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Our breeders all use 000 paintbrushes, sable not synthetic. Lick them between each graft to keep the point sharp. I've tried a whole lot of flasher and more expensive grafting tools. This works the best in my opinion.
 

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I've tried grafting with the Chinese tool, the JZsBZs, and German stainless steel. They each worked, but I prefer the JZsBZs or stainless steel, I just don't seem to be able to get consistency from the Chinese tool, sometimes it works just fine, sometimes I don't seem to be able to get it to do what I want it too.

With the JZsBZs, I can just hook under the larva, like C< and with the German stainless, I pick them up like >C. I find that with the JZsBZs it is a little easier to not flip the larva. I have come to realize that if there is even the slightest tendency to "fumble" with the larva, that larva is already lost --> time to move on to another larva.

I also prefer to prime with fresh royal jelly stolen from an older, but not yet sealed sister cell. For me the larva transfers from the needle to the droplet of jelly with less chance of fumbling or trauma to the larva. I just pluck out the older larva, steal the jelly needed to prime with, move the sacrificed cell to my new bar, and re-graft it too. I only use single bars with between twelve and fourteen cell cups. My bars are mostly grooved top bars that I've trimmed down on my band saw so they are very narrow, some are customized so they are three or four inches wide, that way their cells are positioned about midway down the medium depth combs they are sandwiched between - hopefully providing them a slightly better environment. Only rarely has a cell been partially attached to a comb face. I've gotten the largest and best fed cells when I pull a comb of just hatched larva immediately before placing a newly grafted cell bar, so I try to make that happen as often as I can. I shake the bees from this comb as I remove it - leaving them behind.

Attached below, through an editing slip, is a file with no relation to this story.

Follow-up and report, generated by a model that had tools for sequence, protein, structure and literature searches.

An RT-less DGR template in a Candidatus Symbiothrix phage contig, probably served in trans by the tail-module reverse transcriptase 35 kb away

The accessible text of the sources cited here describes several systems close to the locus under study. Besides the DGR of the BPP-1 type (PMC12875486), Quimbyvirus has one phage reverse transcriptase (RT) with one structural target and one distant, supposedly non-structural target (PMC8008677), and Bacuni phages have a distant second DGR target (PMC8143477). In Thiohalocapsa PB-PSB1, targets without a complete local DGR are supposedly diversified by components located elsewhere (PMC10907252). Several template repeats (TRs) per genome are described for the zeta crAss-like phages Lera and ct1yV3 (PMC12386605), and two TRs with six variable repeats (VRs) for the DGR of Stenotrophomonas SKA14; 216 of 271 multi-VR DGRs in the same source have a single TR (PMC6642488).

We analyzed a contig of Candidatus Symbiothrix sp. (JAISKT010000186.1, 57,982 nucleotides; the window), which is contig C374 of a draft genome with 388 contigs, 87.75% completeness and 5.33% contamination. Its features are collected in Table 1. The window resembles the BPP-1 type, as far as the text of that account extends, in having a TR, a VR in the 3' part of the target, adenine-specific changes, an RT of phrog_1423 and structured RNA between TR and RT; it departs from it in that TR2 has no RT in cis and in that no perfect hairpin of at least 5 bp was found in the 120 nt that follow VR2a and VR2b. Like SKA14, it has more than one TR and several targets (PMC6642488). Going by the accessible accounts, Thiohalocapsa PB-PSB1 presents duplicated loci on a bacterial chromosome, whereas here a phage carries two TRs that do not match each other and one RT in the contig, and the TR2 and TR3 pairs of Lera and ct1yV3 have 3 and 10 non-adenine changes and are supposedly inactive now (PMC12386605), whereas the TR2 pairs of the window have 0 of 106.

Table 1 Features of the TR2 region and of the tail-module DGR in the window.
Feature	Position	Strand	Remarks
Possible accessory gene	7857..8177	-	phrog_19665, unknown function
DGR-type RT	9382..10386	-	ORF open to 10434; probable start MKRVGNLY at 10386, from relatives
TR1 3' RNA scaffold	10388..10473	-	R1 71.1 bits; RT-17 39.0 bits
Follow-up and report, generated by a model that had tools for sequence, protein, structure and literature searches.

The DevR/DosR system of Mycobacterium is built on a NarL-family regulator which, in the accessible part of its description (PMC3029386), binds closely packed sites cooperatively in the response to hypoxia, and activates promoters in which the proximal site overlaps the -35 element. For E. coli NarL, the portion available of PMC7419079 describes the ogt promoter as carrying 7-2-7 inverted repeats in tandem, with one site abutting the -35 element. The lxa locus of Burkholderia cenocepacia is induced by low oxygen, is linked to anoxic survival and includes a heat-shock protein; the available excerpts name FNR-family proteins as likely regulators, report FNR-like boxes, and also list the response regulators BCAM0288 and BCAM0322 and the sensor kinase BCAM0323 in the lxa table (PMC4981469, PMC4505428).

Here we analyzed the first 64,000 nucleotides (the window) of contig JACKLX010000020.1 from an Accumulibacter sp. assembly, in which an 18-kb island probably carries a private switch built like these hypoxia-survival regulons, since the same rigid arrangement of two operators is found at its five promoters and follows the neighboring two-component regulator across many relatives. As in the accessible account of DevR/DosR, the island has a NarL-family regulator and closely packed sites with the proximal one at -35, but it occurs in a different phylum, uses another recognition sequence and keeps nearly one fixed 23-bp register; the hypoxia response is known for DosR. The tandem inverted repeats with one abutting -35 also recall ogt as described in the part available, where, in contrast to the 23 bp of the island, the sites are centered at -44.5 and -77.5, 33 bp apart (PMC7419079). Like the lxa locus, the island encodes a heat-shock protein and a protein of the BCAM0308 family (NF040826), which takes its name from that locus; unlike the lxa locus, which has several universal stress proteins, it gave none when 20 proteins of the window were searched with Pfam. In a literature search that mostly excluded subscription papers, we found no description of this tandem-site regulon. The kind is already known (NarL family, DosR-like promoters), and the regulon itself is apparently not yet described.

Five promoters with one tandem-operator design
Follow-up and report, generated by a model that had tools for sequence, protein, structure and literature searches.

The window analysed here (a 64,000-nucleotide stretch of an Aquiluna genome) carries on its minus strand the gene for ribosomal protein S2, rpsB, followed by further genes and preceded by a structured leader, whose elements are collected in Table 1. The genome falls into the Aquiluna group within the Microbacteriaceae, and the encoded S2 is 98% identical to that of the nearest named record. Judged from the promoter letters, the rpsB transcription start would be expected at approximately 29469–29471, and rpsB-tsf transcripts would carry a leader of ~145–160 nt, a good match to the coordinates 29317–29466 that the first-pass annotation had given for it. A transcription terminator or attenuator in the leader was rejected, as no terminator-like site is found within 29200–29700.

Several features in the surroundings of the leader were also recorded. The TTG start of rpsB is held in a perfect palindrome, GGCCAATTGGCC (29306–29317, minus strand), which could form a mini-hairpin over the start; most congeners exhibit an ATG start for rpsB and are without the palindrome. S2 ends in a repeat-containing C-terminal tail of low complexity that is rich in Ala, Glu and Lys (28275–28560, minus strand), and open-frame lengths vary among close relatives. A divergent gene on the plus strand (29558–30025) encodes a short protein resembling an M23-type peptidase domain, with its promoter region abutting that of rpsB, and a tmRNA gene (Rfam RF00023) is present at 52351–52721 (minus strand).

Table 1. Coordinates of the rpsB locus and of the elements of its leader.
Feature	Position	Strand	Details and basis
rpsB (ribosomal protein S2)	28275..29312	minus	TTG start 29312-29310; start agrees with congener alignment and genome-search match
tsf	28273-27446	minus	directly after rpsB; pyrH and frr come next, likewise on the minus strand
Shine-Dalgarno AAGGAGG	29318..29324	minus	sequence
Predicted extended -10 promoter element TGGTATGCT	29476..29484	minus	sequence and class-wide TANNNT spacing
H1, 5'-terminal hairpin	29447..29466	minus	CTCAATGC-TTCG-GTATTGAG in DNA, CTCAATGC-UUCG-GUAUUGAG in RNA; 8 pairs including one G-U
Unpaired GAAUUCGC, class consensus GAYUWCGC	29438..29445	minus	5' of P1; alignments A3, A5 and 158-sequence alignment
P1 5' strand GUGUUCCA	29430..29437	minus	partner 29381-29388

My eyes are fifty-four years old and diabetic, so even when grafting outdoors in daylight I wear a bright LED headlamp focused to illuminate the cells I am looking at. I also wear a pair of high-powered reading glasses, over my corrective lenses, when using both the LED and magnification I have no trouble observing the entire grafting process - I know immediately when I've fumbled one, and can then drop it, wipe my needle and move on to the next.